ResearchEd: Turning School Improvement and SEF into a research project to develop credible evidence

In the last 8 years, I have had the privilege to work with the Headteachers and Senior Leaders of a number of Primary and Secondary schools, helping them wrestle with the SEF and development planning process. I think that of all the visits I make to schools, the discussions in this area are the most interesting and demanding of any I ever have.
i think its helpful to think on the principle that a “completed packet of work”, which is a completed action or activity in a development plan should only ever be handled once and curated in such a manner that it makes its presence felt at the point of need.

The other principle is that a packet of work has the following constituents:

  1. A specified goal.
  2. Specified work leading to that goal.
  3. A specification of the evidence that will be collected to validate the impact of the action.

Handling packets of work once is achieved by meta-tagging the improvement plan with tags such as SEF question, person responsible for delivery and area of improvement in the school. This concept was developed by Geoff and Mal Broadbent, then of Skills Factory, now of 2Eskimos in the product the developed called schoolcentre.

The element of this process fascinating me most at the moment is the concept of developing each of those work packets into what is effectively a small scale research project. I am avoiding the concept of “actions” which always seem to be to be a euphemism for “outbursts of busyness leading to nothing measurable benefit”.

A work packet is more than an outburst of busyness. It requires:

  1. Development of an hypothesis.
  2. Consideration of the most appropriate methodology to gather useful data to verify the improvement.
  3. Consideration of ethics with regard to publication or causing general misery to children.
  4. Reporting on the impact of the work undertaken.

The key to this seems to me to be in the redefinition of the concept of success criteria, which are often a splendid exercise in the restatement of the planned work or not defining the best outcome of the work at all and in fact specifying some global school improvement target of the percentage of children to progress to a certain level.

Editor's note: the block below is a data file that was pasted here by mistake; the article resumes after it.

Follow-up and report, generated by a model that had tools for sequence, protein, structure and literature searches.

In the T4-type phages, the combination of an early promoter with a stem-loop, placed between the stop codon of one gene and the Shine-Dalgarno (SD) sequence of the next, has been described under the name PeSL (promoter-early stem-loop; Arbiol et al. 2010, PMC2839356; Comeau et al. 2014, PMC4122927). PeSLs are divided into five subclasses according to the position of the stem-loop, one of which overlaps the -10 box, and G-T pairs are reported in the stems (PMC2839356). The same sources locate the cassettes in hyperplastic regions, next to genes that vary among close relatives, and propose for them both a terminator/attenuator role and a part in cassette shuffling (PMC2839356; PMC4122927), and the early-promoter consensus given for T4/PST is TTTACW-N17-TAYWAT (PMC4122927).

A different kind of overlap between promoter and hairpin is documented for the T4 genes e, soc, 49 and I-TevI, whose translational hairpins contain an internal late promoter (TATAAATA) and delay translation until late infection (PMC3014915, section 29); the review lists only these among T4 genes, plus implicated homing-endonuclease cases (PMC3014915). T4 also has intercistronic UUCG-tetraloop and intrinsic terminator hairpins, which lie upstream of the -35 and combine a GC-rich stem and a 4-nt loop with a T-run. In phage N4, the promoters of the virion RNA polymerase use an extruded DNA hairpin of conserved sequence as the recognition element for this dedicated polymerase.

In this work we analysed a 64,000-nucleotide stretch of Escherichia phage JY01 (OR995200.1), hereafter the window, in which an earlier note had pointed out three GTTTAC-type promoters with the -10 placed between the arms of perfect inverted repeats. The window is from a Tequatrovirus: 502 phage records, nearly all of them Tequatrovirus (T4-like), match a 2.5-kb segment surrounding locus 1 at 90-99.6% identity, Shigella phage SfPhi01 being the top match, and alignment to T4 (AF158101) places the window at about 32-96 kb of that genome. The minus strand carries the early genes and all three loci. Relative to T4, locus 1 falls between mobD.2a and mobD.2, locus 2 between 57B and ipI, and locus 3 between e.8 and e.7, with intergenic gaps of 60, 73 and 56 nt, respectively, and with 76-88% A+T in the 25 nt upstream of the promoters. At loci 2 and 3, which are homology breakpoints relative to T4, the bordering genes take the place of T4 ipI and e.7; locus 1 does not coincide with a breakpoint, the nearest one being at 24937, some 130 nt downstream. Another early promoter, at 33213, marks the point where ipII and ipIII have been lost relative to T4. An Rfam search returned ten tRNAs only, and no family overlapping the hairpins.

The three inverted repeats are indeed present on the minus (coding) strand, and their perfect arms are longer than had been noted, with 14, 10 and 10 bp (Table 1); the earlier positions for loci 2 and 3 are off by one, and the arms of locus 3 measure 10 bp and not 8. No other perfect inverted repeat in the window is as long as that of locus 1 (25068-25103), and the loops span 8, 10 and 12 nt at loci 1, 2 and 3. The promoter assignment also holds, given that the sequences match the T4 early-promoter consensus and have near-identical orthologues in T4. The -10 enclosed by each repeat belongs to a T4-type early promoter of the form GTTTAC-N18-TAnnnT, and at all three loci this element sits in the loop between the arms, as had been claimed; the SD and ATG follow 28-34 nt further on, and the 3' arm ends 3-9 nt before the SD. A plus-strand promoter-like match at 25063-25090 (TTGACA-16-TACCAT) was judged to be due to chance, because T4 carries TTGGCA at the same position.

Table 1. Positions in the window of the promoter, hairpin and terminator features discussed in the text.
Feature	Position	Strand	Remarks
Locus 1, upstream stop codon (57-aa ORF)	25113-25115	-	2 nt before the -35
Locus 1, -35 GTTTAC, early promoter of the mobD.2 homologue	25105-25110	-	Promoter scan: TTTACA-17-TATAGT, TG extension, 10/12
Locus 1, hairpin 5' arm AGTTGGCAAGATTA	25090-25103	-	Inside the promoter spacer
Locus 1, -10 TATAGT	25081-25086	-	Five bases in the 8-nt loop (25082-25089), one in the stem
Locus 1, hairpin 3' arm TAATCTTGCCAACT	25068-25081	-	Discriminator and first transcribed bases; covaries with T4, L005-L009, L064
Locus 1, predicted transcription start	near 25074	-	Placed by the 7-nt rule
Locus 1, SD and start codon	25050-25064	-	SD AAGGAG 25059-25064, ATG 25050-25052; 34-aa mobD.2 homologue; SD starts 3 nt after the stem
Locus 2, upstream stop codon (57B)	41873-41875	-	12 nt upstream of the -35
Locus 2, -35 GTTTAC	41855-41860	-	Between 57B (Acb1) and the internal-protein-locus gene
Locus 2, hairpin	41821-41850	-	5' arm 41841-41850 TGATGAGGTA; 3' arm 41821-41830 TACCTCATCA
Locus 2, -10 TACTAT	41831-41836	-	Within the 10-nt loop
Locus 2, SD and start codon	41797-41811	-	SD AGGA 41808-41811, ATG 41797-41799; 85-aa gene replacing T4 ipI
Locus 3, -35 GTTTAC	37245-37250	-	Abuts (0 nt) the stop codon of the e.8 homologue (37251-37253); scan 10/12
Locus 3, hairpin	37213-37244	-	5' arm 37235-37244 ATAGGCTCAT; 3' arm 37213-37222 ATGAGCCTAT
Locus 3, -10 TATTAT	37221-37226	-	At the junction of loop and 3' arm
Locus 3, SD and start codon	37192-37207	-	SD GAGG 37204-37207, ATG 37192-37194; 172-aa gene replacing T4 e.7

If the specification of success criteria is replaced by the specification of a plan to gather evidence of success, then often the work packet is redefined to something more tangible and measurable and the leader of the work packet is more focused on benchmarking the situation at the beginning, and monitoring evidence of improvement during the process. This has had a dramatic impact on the thinking of the leadership teams I have discussed it with.

The next logical step is to explore how to gather data to verify the anticipate improvement. The key here is to explore more than just pupil progress data, given that small scale innovations such as precision teaching (see diatribe at the bottom) are unlikely to impact on pupil progress data measured in sub levels or points of progress. Small scale innovations will probably aggregate to impact on those levels eventually, but a more subtle way of establishing the impact of the innovation needs to be developed.

For example:

If a school is implementing some CPD on assessment for learning strategies in maths, as part of a strategy to improve the quality of teaching, then the CPD itself is not going to have a distinctly measurable impact upon standards on its own, but it is going to have an impact upon the disposition of teachers to try the new processes and their confidence in their teaching. So the trick is to find a way of measuring confidence of the teachers at the beginning and end of the process.

Which probably means beginning the CPD with some intelligence gathering questions and not necessarily in the form of a paper survey:

Give people a post it note as they arrive and ask them to write a word associated to their confidence (scared, happy, dreading it) on the sticky side and stick it on the wall. Then do the same at the end on a different piece of wall. Once the teachers have left you can analyse the change in language and therefore the change in disposition. The data can then inform the next phase of the CPD. If you are particularly devious you can “randomly’ give out colours of post it notes to particular groups of teachers to gain insight into their specific disposition, highlighting key stages etc. [The teachers will be so delighted with the sticker and the big pen they won’t notice the colour coding.]

This approach can also enable you to derive quick data on the attitudes of children to their learning and an insight into the impact the CPD had upon their confidence and disposition, which should lead to early indication of progress towards the holy grail of raised standards.


I heard today of a snake oil salesman pedalling precision teaching in a school – it turns out that precision teaching is in fact precision testing and seems to suggest that if you repeatedly test the little buggers until they crack, they will in fact learn something.

2 thoughts on “ResearchEd: Turning School Improvement and SEF into a research project to develop credible evidence

  1. Pingback: ResearchED: What works? Where do you start? or Good Practice, the enemy of Research | The Grinch Manifesto

  2. Pingback: ResearchEd 2013: My reflections | Eaglestone's Blog

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